Posted on May 22, 2018 at 3:57 PM
Researchers from McAfee uncovered malicious apps on Google’s Play Store, which had the potential to steal information. The likely targets for these apps were North Korean defectors, and researchers believe that they targeted specific individuals.
Google Play Store hosted data-stealing apps
According to researchers from McAfee, Google Play Store was serving as a host to a particularly interesting set of apps. The apps were designed to look like security applications, as well as food ingredients information apps, but their real purpose was to steal information from their users.
After studying the newly-discovered apps, researchers found that they were linked to North Korean hackers who wanted to steal data from this country’s defectors. There were at least three of these apps, according to the reports, and they have been downloaded around 100 times before being discovered.
The apps were also being sent to specific users, and not hunting for their victims at random. Their design allowed them to steal information of their targets’ device, as well as to access their contact lists, photos, and even texts. The distribution of the apps mostly went via Facebook, according to researchers. By the time the security firm contacted Google, and the company removed the apps, they were already downloaded over a hundred times.
Not only that, but it was also uncovered that they were a part of Google’s Play Store for around three months. They were originally posted in January 2018, and the researchers discovered their real purpose back in March of this year. This is yet another proof that Google needs to work on its filters in order to keep their users’ privacy safe and keep out the malicious apps.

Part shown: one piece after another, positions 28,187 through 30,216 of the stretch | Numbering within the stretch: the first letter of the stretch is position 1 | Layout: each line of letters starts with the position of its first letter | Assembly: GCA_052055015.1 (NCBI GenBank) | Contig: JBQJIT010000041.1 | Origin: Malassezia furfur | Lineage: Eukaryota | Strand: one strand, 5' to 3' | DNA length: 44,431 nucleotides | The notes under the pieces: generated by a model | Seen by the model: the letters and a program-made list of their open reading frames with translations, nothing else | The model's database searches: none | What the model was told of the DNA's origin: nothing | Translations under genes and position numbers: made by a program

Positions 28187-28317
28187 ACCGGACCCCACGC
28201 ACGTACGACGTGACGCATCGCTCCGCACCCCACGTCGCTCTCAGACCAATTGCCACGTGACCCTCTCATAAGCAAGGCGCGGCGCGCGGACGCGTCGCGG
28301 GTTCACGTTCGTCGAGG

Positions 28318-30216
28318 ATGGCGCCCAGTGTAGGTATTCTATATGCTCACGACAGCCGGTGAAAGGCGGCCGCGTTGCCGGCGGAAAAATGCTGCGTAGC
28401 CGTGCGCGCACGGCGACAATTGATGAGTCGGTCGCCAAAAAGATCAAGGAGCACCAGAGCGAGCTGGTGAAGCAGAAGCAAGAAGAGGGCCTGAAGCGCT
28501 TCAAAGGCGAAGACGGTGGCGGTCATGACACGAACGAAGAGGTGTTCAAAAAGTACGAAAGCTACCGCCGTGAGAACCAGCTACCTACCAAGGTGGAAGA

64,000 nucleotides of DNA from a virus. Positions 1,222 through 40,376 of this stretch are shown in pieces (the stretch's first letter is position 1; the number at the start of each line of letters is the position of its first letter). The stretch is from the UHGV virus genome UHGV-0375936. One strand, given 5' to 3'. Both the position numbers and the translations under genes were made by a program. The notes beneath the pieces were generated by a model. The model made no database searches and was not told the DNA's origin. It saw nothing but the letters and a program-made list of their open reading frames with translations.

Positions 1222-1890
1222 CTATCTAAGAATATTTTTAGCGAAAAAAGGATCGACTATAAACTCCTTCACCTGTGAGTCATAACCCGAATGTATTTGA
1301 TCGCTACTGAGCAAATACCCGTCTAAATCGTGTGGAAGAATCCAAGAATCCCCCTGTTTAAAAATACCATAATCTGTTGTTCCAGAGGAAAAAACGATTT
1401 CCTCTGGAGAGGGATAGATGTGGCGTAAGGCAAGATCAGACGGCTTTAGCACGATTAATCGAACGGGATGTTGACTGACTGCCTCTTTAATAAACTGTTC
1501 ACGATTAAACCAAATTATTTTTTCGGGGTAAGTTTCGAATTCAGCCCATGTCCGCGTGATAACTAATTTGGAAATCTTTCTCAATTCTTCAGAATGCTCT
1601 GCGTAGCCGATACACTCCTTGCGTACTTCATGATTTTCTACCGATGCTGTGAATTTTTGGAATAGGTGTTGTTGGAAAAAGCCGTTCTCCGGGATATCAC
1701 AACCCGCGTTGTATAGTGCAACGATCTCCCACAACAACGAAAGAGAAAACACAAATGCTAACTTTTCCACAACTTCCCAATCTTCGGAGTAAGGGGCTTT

Who is behind the apps?
The researchers believe that the persons responsible for launching the apps are not a part of the new entity. Similar apps were found back in January of this year, and their victims were also of North Korean origin. It would seem that they targeted the country’s defectors and journalists. The group was called the Sun Team, and it seems that they are the same ones who are responsible for the three apps discovered in March.
Not much is certain about their allegiance or motives behind the apps, but what researchers can say for certain is that all of the apps discovered by now share a link to the same email address. Another thing that they in common is the specific set of words that are commonly used in North Korea, but are not used in South Korea. Additionally, there is an IP address that McAfee managed to uncover, which also has a connection to North Korea, and was previously used for sending malware. All of these facts clearly point to the hackers’ connection to North Korea, which is likely where they operate from.
Finally, researchers themselves confirm that none of this is a clear confirmation of anything regarding the hackers. However, it does suggest a lot, at least in terms of their origin and nationality.